Management training at most companies is a one-day seminar — if you’re lucky. As a result, a whole lot of new managers go directly from staff to boss, without much preparation in between. The situation creates a lot of opportunities to make mistakes — ideally the kind you learn from, not the kind that derail your career.
The only upside is that you, as a new manager, are hardly the first person to be in this position. Learn about the mistakes others have made, and you might be able to skip right to the part where you look like you know what you’re doing.
Mistake No. 1: Trying to be everyone’s best friend.
If you ascended from the ranks, it’s only natural to have a few uncomfortable moments when you realize you’re the one who’s supposed to tell people what to do. Don’t let that discomfort encourage you to pull a Michael Scott and insist on being best friends with your colleagues.
Your reports don’t need a best friend; they need a manager. That doesn’t mean callously pursuing the company’s goals at their expense; in fact, one of the most important things a manager does is support their team’s individual career aspirations. But it does mean understanding that you’re going to have to make unpopular decisions. Don’t invest in being liked. Invest in being effective, supportive, and honorable.
Mistake No. 2: Confusing authority for leadership.
Technically, your team has to do what you tell them to do. In actuality, they’re not going to do it very well if they don’t feel inspired.
The way you motivate employees is by setting goals and boundaries and then being worthy of trust. This means doing what you say you’re going to do, giving clear expectations, allowing people to meet those expectations without micromanaging them, and being willing to change your mind when you receive new information. All the job titles in the world can’t give you more authority than a team who genuinely believes in you.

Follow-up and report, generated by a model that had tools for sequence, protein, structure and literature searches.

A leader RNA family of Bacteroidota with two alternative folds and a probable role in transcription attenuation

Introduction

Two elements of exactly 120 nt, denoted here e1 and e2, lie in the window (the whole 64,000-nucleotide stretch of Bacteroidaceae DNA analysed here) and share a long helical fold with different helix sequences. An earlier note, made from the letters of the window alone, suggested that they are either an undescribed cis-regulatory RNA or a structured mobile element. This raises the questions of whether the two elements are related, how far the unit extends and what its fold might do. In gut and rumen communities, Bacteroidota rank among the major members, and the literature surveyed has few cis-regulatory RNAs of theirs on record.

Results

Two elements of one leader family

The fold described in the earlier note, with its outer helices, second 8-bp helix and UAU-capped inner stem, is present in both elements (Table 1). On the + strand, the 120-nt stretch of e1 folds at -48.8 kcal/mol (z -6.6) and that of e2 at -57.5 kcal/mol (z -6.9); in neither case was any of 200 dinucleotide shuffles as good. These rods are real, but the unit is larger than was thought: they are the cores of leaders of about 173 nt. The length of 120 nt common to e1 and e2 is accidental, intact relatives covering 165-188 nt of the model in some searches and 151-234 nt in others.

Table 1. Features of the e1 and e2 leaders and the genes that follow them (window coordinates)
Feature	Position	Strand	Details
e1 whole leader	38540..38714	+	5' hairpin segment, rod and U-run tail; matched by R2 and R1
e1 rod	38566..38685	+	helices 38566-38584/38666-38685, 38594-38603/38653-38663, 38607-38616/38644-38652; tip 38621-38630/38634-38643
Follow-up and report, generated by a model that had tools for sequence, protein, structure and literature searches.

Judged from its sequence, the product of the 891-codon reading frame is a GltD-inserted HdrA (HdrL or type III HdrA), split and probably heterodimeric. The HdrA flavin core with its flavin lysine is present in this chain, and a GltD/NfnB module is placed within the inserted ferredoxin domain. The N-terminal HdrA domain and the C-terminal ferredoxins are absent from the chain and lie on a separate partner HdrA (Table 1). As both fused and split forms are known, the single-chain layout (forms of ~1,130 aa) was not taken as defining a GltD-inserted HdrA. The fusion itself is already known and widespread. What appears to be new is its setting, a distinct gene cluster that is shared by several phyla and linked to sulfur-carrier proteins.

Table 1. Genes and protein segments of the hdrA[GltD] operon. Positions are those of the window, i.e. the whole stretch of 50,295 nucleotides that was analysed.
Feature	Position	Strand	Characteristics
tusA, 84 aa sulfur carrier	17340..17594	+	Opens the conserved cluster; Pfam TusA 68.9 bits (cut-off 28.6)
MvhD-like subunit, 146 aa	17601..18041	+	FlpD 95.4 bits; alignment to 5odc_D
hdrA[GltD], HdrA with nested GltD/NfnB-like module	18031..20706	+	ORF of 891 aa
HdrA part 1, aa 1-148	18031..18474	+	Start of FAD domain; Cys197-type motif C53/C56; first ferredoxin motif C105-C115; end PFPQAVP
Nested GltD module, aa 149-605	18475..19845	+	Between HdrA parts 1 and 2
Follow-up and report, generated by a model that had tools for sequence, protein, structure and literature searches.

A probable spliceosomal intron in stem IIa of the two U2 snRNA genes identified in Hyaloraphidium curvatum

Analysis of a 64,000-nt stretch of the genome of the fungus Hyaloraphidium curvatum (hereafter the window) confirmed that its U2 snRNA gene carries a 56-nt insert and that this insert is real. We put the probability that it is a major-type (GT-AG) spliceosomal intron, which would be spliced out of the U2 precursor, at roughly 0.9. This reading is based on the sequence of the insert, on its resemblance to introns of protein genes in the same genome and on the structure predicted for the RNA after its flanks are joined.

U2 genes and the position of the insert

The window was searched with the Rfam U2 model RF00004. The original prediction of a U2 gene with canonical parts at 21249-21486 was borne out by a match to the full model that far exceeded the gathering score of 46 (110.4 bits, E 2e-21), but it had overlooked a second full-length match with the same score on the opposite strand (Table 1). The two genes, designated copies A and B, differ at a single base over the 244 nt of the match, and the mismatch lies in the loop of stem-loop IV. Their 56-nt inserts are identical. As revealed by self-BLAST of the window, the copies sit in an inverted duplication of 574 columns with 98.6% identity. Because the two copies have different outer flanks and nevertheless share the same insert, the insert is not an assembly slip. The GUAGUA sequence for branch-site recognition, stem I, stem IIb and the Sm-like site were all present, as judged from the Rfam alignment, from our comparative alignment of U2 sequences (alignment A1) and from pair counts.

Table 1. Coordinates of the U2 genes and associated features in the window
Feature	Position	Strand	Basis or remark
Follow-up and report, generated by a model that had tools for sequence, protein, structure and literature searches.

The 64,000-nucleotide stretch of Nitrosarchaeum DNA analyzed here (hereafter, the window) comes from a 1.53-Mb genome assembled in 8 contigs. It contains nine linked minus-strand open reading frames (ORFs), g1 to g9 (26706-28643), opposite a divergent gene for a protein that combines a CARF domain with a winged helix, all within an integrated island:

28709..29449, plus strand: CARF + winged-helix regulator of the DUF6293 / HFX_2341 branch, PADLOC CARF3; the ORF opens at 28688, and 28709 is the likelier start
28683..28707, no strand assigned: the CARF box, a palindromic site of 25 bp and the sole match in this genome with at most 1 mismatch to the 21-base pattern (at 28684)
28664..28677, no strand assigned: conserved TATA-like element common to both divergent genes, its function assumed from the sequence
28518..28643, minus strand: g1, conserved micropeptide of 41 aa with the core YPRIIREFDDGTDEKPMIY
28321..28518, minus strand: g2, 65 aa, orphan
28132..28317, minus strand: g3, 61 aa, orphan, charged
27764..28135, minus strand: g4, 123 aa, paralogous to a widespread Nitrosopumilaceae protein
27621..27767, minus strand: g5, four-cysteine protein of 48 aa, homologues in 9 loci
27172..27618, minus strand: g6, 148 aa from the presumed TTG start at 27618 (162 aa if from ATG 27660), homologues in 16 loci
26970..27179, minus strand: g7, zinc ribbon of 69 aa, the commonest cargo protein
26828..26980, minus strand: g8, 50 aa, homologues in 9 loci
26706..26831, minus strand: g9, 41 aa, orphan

Mistake No. 3: Letting the problem children dictate the tone of the team.
The squeaky wheel gets the grease, as they say, but you’re not operating an oil change station. Some of the best employees are often opinionated, stubborn, and insistent on their point of view — but that’s very different than an employee who complains constantly and contributes little.
Differentiate between people with strong opinions and people with negative energy. The former will give you some of your best ideas; the latter will drag everyone down with them.
Mistake No. 4: Doing everything yourself.
Especially if you’ve moved up within an organization, you might have a few tasks in your unofficial job description that are less managerial and more reflective of your previous role. Minimize that as much as you can by delegating to the appropriate team members.
But that’s not the only way in which you can wind up doing work that’s best delegated to others. Watch yourself for the tendency to take on extra tasks because “it’s just faster if I do it.” That might be true — today. But in the long run, it’s always more efficient to train others to do things themselves.
Mistake No. 5: Listening too little… or too much.
The best managers are good listeners. You never know where the next big idea will come from or when you’ll learn about a potential problem — hopefully in its early stages, when you can do something about it.
But having an open-door policy can’t mean literally leaving your door open 24/7 (or 8/5, if you’re good at work-life balance). Plan one-on-one meetings with your staffers and keep them. Make yourself available to listen on a regular basis otherwise. But set boundaries to protect your head-down time as well, even if that means blocking off time in your calendar to simply get some work done.
You can’t focus on your team if you’re mentally obsessing over your rapidly growing to-do list.